• “If only I could go back to school and get a degree, I’d be happy.” There you are sitting in class reveling in your good fortune to be in college. But then you hear about the umpteen requirements and school policies and begin to wonder what you’ve gotten yourself into. By mid-semester, you’re ready to bail out.
  • “If only I were through with college and in the working world, I’d be so happy!” You graduate, land an awesome job, and learn that your boss doesn’t appreciate your abilities. Plus, he actually expects you to be at work on time regardless of a sick child, traffic jam, or oversleeping.
  • “I’d be so happy if only I could travel and see more of the world.” Then one day you find yourself in Spain after a six-hour flight across the Atlantic, and despite a tiny bit of jet lag, you’re ready to hit the streets of Madrid. But then you realize your luggage is missing, and no one seems to understand your description of pink flowered bags. Things workout in that department, but then after a few days you begin to tire of old cathedrals and castles and start missing your hometown.

The above represent only a few of the experiences that many people long for in the belief that they will make them happy. When people are wishing and hoping, they don’t always think about how they’ll have to share their money with a spouse or sacrifice free time to take care of children. Their friends get to go shopping and spend their money on lipstick and lunch while they spend theirs on Pampers and pacifiers.

So what should you do to make sure your future plans will make you happy? Gilbert suggests that you talk to the people who’ve been there, done that. That way you can get some good advice. Just a little caveat here. Make sure you talk to the right people, not just to the people who will verify what you want to hear. Plus, there are some people who are dream slayers of the first order. Don’t listen to them either. Grumpy, bitter, and/or complaining, they never offer an encouraging word. Woe is them.

What about you? Do you currently have some plans or dreams that you hope will make you happy? Have you talked with anyone who has achieved or acquired what you want? Or have you already had an experience with thinking that something would make you happy only to find that it indeed did not? In general, just please share some thoughts, observations, or personal experiences.

Load Down the Wagons

From employees to taxpayers and citizens to college officials, the view seems to be that reflected in Sheheen’s conclusion: LOAD DOWN THE WAGONS; TO HELL WITH THE MULES. While this quote is in reference to situations that occurred while Sheheen was Commissioner of Higher Education for South Carolina, that attitude is still prevalent.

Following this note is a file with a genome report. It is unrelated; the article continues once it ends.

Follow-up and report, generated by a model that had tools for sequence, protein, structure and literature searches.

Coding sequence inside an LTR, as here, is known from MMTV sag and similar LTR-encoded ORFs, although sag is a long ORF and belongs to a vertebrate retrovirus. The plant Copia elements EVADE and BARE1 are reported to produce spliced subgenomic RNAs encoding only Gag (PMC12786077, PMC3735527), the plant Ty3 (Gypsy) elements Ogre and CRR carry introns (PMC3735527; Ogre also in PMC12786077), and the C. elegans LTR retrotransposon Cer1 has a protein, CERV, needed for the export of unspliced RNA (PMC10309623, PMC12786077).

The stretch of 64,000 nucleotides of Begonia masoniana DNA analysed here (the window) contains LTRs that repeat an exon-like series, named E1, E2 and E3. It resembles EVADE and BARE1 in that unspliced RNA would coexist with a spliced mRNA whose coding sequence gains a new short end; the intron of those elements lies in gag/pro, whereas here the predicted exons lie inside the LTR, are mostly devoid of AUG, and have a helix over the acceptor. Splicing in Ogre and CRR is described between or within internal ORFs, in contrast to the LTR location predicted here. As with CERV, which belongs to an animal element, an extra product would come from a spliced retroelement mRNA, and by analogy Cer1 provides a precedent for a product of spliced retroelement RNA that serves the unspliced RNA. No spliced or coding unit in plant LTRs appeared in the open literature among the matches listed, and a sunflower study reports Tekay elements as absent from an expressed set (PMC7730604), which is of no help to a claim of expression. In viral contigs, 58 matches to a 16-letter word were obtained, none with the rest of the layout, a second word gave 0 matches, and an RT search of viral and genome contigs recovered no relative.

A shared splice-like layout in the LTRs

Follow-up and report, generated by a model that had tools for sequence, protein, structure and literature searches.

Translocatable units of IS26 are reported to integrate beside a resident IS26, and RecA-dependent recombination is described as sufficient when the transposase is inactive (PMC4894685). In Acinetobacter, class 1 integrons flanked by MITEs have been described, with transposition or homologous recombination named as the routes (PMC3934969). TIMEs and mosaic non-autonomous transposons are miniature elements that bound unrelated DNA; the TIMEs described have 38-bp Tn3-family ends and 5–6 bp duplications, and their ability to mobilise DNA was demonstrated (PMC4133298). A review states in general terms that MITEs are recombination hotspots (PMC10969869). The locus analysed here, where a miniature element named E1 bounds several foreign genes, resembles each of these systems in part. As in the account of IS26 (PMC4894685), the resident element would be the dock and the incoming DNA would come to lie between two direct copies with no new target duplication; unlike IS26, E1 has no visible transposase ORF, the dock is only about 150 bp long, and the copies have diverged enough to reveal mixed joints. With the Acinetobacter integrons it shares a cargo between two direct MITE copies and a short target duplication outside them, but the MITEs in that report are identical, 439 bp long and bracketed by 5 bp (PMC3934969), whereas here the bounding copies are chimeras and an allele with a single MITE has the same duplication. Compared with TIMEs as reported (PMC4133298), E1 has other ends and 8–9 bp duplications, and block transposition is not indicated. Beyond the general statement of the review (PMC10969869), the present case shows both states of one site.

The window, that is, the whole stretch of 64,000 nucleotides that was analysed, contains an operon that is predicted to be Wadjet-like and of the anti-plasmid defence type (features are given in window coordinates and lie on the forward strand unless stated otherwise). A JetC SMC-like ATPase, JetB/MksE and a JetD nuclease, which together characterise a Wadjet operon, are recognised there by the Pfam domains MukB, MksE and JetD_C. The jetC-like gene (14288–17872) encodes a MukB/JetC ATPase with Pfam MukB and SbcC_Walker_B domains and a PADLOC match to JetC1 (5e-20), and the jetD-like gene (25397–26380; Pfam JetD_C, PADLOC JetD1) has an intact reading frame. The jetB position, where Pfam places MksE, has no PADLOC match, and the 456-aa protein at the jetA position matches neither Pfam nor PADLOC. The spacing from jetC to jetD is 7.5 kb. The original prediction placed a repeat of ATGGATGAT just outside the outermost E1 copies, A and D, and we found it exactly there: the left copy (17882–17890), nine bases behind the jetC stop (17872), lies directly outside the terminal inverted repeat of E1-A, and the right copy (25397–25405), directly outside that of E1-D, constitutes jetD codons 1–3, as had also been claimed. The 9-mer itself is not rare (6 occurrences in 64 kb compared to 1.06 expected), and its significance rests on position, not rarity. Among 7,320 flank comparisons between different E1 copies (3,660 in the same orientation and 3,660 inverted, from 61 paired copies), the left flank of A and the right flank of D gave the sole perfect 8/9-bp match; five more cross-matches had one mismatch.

For months, Camden has been embroiled in a conflict situation about city administrators using taxpayers’ money to construct a YMCA when the city already has recreational facilities that seem to be working just fine. I don’t pretend to understand the politics and practicalities of it. I just know that it was/is a major deal that has people writing and signing petitions and that the powers-that-be appear to be insulted/annoyed/shocked that the citizens dare to question them.

A week or so ago I read an article in the Chronicle Independent that summarized the situation and provided a solution. Written by Fred Sheheen, the article was so superbly crafted that even I could completely understand the recent goings-on. The title itself lured me in, “Can this really be happening?,” and when I read the first sentence, I knew I was in for a treat: “Seldom have I witnessed such a gross malfunctioning of local governments as that which has developed in Camden and Kershaw County over the future of recreation programs to serve the citizenry.”

As much as I enjoyed the article and appreciate Sheheen’s clear, crisp writing and the enlightenment it provided, I have to admit that his conclusion packed the most powerful punch of all. It was so perfect, in fact, that I found myself laughing aloud. Why? Because it speaks to much of how things are managed and how people are viewed.

From employees to taxpayers and citizens to college officials, the view seems to be that reflected in Sheheen’s conclusion: LOAD DOWN THE WAGONS; TO HELL WITH THE MULES. While this quote is in reference to situations that occurred while Sheheen was Commissioner of Higher Education for South Carolina, that attitude is still prevalent.

What do you think? Do you see examples of loading down the wagons with little regard for the mules? Can/will you share an example?